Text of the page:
How does the GeForce 6200 fare against competition that includes ATI's budget Radeons and Intel's Graphics Media Accelerator 900? Read on to find out.
The GeForce 6200
The GeForce 6200 graphics chip is a four-pipe derivative of the NV43 GPU that powers the GeForce 6600 series. Like the rest of the GeForce 6 line, the 6200 utilizes a fragment crossbar to link pixel shaders and raster operators (ROPs) within the pixel pipeline. Rather than being bound to a single pixel shader, ROPs are free to tackle output from any of the chip's pixel shaders. This rather promiscuous arrangement allows NVIDIA to pair eight pixel shaders with only four ROPs on the GeForce 6600, saving transistors without catastrophically bottlenecking performance. With the GeForce 6200, NVIDIA pairs four pixel pipes with four ROPs. There's no transistor savings, but the fragment crossbar may offer a clock-for-clock performance advantage over more traditional designs.
Like the GeForce 6600 series, the GeForce 6200 has full support for DirectX 9, Shader Model 3.0, and 32-bit floating point data types. The 6200 packs three vertex shader units, just like the 6600, as well. The two also share a programmable video processor that we'll have more to tell you about soon. The GeForce 6200 differs from the rest of the GeForce 6 line when it comes to antialiasing, though: its Intellisample 3.0 implementation lacks color and Z-compression. Since low-end cards generally lack the pixel pushing horsepower to make antialiasing viable in games, the lack of Intellisample color and Z-compression isn't a major flaw.
The GeForce 6200 GPU is manufactured by TSMC on a 0.11-micron fabrication process. The die measures 12mm x 13mm according to my tape measure, making it identical in size to the NV43 GPU that powers the GeForce 6600. Isn't that interesting? When we asked NVIDIA for the 6200's code name according to the "NV4x" convention, the company would only say the chip was a "derivative" of the NV43. It's entirely possible that the GeForce 6200 GPU is simply an NV43 with four pixel pipes and Intellisample color and Z-compression disabled. If this is the case, we may see enterprising enthusiasts attempt to unlock the extra pipelines with hardware or software modifications.
Unlike other members of the GeForce 6 line, there will only be one version of the GeForce 6200no GT, XT, Ultra, or Turbo Golden Sample Special Edition. Clock speeds for the 6200 aren't written in stone, though. NVIDIA recommends a core clock of 300MHz, but board vendors are free to run faster. There's also flexibility on the memory clock front. Our GeForce 6200 reference card has DDR memory clocked at an effective 500MHz, which thanks to the 6200's 128-bit memory bus, gives the card an even 8.0GB/sec of memory bandwidth. Board manufacturers will be free to run higher or lower memory clocks, and they'll also be able to make cheaper cards that have a narrower 64-bit path to memory.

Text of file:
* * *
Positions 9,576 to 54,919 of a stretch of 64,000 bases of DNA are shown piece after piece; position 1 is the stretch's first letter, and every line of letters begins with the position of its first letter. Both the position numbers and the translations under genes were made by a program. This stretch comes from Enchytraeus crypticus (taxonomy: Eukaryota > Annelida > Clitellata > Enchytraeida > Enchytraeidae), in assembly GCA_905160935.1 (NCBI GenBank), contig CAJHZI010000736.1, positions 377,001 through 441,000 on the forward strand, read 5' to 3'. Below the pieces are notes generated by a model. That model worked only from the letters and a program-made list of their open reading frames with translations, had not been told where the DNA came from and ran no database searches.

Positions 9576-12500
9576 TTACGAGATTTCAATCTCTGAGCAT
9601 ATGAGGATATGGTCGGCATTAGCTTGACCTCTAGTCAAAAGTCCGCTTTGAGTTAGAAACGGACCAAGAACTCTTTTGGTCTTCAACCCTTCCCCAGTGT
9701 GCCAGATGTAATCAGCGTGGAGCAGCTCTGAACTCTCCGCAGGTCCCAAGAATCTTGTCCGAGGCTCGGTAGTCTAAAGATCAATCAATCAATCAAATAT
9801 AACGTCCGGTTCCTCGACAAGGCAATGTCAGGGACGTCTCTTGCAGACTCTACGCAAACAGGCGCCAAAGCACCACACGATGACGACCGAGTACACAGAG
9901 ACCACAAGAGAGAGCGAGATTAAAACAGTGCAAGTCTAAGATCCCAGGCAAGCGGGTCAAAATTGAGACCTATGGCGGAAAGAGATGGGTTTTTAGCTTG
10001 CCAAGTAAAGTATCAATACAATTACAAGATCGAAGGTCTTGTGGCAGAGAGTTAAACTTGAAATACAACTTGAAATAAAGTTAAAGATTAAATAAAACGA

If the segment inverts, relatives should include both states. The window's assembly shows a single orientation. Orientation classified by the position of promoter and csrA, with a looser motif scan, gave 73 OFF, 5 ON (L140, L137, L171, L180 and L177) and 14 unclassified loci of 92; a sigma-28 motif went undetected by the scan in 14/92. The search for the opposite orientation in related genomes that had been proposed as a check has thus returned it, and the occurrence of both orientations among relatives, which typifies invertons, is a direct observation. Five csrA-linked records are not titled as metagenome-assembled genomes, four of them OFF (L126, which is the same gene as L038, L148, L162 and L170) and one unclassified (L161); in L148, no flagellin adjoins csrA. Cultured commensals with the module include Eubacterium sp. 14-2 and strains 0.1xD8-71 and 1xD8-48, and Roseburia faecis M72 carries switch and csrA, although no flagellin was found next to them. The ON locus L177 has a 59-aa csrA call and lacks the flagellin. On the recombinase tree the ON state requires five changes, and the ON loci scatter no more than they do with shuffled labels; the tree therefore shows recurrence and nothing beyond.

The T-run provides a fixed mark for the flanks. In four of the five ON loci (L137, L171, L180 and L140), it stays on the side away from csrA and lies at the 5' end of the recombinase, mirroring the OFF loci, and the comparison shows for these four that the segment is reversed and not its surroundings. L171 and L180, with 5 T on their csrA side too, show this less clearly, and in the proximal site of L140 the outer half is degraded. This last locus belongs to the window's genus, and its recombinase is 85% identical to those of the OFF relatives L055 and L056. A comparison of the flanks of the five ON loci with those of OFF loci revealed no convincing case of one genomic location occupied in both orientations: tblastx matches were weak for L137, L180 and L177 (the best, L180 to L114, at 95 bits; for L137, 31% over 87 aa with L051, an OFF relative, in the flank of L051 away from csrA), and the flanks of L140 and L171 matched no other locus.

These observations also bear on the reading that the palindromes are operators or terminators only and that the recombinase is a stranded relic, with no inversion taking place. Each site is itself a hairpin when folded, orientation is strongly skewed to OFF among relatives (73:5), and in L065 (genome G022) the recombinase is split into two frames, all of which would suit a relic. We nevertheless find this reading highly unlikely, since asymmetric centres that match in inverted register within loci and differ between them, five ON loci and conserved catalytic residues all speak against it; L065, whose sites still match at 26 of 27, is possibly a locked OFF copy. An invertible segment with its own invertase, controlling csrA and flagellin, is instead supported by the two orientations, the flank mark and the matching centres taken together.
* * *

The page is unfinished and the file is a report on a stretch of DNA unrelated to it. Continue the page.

As you can see, the GeForce 6200 reference card is a PCI Express affair. NVIDIA doesn't plan to make an AGP version of the GeForce 6200, leaving the existing GeForce FX products for AGP systems. Since PC builders are already producing lots of machines based on Intel's 900-series chipsets and PCI Express chipets are coming soon for the Athlon 64, there should be a burgeoning market for PCI Express graphics cards in the coming months.
The GeForce 6200 is primarily targeted at major OEMs and system integrators, so retail products may not make it to store shelves at places like Best Buy, CompUSA, or Fry's any time soon. Cards should be available from online retailers for between $129 and $149, if not less. Expect 64-bit flavors of the GeForce 6200 to be even cheaper and, hopefully, clearly marked.
Finally, notice that the GeForce 6200 card lacks "golden fingers." The 6200 doesn't support SLI, so you won't be able to team up two cards in a single system.
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